Station wagons of the 50’s and 60’s era were in their glory days. They were family work horses but not very sexy compared to the other options of the day like tri colored hardtops and convertibles of the 50’s and Mustangs, Corvettes and Barracudas of the 60’s. But I’ve learned first hand that they’ve endeared themselves to those who grew up with them. Two cases in point. At the WPC National Meet in St. Johnsbury a couple of years ago I had Val parked next to our ’65 Barracuda Formula S. The “Cuda” is a really nice car, but the Wagon got most of the attention. At the Stowe Show last August I had Val parked next to our ’64 Valiant convertible, also a very nice mostly original in red but it was the wagon most folks migrated to with tales of the Valiant wagons they grew up with.

I love Val… she embodies everything I like about the ’60’s A body Valiants. She’s reliable, easy to work on, kind of funky in her own way and always brings happy memories to those who meet her. Other cars will come and go but Val is a keeper.

1963 Valiant WagonEditor’s note… To the left is a Plymouth sales ad from 1963. The ad discussed the many factory tests performed before release to the public. It read:

“Hour after hour, hour after hour, the car was driven in the white-hot heat of the Arizona desert. They were driven 50,000 miles at top speed over all kinds of road surfaces– some 10 times the strain any ordinary car would ever have to withstand.

Horns were blown 58,432 times, turn signals checked 241,032 times and trunk lids opened and slammed 3,652 times. In all, our prototypes went through, beg pardon, hell and high water, but it was worth it to us and, more importantly, to you.

We uncovered 358 design flaws. Not just fixed or corrected, mind you, but improved– back to the drawing board– redesigned, rebuilt, retested, until the result was right. This we did in spades. Get on and start a great adventure story all your own.”

1960 Hillman Minx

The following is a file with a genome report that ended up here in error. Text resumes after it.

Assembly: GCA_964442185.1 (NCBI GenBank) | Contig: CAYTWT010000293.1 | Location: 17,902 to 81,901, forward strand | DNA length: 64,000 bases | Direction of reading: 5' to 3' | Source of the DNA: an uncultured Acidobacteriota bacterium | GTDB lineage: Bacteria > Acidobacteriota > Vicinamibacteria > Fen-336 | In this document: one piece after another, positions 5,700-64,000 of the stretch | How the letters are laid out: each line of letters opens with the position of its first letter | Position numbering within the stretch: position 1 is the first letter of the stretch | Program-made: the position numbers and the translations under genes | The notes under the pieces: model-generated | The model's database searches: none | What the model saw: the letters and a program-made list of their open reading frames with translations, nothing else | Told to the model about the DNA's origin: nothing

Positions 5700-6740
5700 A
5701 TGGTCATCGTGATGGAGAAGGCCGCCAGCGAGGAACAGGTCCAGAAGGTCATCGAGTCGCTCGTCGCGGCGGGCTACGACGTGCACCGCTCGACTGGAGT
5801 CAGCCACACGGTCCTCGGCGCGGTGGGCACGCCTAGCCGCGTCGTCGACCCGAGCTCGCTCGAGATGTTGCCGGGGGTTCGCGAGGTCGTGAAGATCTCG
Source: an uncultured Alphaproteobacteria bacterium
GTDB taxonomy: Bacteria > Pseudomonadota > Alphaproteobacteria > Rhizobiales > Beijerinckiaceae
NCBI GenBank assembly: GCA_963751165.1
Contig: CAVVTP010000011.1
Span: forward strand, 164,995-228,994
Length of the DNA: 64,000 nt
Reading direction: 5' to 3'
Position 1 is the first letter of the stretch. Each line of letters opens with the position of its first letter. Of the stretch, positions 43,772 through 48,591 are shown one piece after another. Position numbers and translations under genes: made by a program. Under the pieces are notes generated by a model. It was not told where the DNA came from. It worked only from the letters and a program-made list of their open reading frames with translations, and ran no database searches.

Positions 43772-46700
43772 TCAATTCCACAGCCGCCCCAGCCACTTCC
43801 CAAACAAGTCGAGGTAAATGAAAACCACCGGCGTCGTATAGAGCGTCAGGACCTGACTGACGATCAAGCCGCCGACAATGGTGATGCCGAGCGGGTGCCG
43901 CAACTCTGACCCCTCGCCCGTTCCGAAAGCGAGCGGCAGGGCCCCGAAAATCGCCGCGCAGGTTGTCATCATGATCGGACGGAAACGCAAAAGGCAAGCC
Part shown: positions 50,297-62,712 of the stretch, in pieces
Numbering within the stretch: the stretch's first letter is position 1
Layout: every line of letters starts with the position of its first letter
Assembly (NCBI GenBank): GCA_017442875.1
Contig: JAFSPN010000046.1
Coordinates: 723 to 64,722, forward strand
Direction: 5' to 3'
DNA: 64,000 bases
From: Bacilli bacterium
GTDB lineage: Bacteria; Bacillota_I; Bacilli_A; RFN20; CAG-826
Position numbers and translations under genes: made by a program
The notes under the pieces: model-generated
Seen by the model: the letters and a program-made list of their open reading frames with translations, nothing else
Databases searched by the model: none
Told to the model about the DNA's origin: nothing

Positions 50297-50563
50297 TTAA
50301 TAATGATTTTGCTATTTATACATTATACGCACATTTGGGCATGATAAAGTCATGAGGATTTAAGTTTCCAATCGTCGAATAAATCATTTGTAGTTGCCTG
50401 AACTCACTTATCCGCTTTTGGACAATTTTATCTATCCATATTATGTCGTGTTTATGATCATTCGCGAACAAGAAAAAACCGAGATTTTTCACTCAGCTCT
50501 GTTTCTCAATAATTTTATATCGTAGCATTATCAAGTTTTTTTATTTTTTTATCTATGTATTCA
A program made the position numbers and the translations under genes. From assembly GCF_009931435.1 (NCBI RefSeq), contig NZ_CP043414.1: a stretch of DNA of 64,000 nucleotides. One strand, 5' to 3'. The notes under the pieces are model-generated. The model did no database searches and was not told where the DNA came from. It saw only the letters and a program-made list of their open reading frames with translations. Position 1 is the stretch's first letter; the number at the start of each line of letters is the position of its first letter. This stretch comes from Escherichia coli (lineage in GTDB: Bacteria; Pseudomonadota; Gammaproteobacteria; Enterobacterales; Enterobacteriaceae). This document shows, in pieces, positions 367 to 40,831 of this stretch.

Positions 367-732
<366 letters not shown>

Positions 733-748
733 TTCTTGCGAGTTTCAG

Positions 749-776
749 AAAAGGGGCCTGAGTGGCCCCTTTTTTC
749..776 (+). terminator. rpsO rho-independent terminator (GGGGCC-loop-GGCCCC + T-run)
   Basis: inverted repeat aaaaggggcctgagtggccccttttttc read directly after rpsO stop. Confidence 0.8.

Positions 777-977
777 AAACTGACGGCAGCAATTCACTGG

1960 Hillman MinxHillman is a name not well known in the automotive field anymore. Hillmans are British and like most British manufacturers of automobiles, the Hillman Motor Car Company is defunct. The last Hillman imported into this country was the Super Minx of the mid 1960s. The company was still being run by Lord Rootes, a founder, at the time. The Hillman Motor Car Company began in 1907. Previous to that, the company had made sewing machines and bicycles. Hillman played a role in pioneering the American automobile market, opening doors for other makes back in the days when those funny foreign cars drove a lonely road in this country.

Hillman had been importing small sedans since before World War II, but after the war, the small car market became more competitive. To get a leg up in styling, Lord Rootes hired the designer Raymond Lowey (think Studebaker Hawk of 1953) in 1948 to design a new car. Thus came about the shaping of my car, which takes styling cues from the 1953 Studebaker and the 1955-56 Ford. To further compete in the American market, Rootes sought a technical advantage as well. After all, some American manufacturers were starting to build “compact” cars, bidding for sales with fresh new packages. Consider the Ford Falcon or the Chevy Corvair. In 1960, Hillman was offering a product that no one else had-a fully automatic transmission that did away with the power loss associated with ordinary automatic transmissions of the day. Acceleration of a Hillman does not suffer as a result of the Easidrive option. This was important in 1960 because thousands of drivers in this country didn’t want small cars because of the bother of shifting gears manually. The Easidrive was a significant small car development in the days of oversized Detroit sedans and small, slow American cars optionally equipped with automatic transmissions.

I bought my car in 2002 from an antiques dealer in Wiscasset, Maine. It had been acquired by him as part of an elderly man’s estate. It had 40,000 miles on it then and I have taken it 24,000 sort-of carefree miles since then. My initial test drive of the car did not inspire confidence. Looking behind the steering wheel I noticed it had….an automatic transmission? I had always feared foreign automatics of the post-war generation since they could be weird and prone to trouble. Oh well, the car did start right up and sounded solid and quiet. The gear selector quadrant is minimalist in nature: D 2 N R in that order. There is no P position and I assumed the handbrake was a dubious instrument as evidenced by the rock placed behind the rear wheel. The car moved forward in D but would not shift into a higher gear. I stopped and gave it another try. This time, at about 15mph, I lifted my foot off the throttle and heard a distinct “clunk” and then we were in 2nd gear. At about 27mph the car shifted automatically into 3rd which felt like top gear. I could live with this. I came to a full stop and tried reverse. There was a slight grinding of gears to be heard as I shifted the lever. What the hell kind of automatic was this???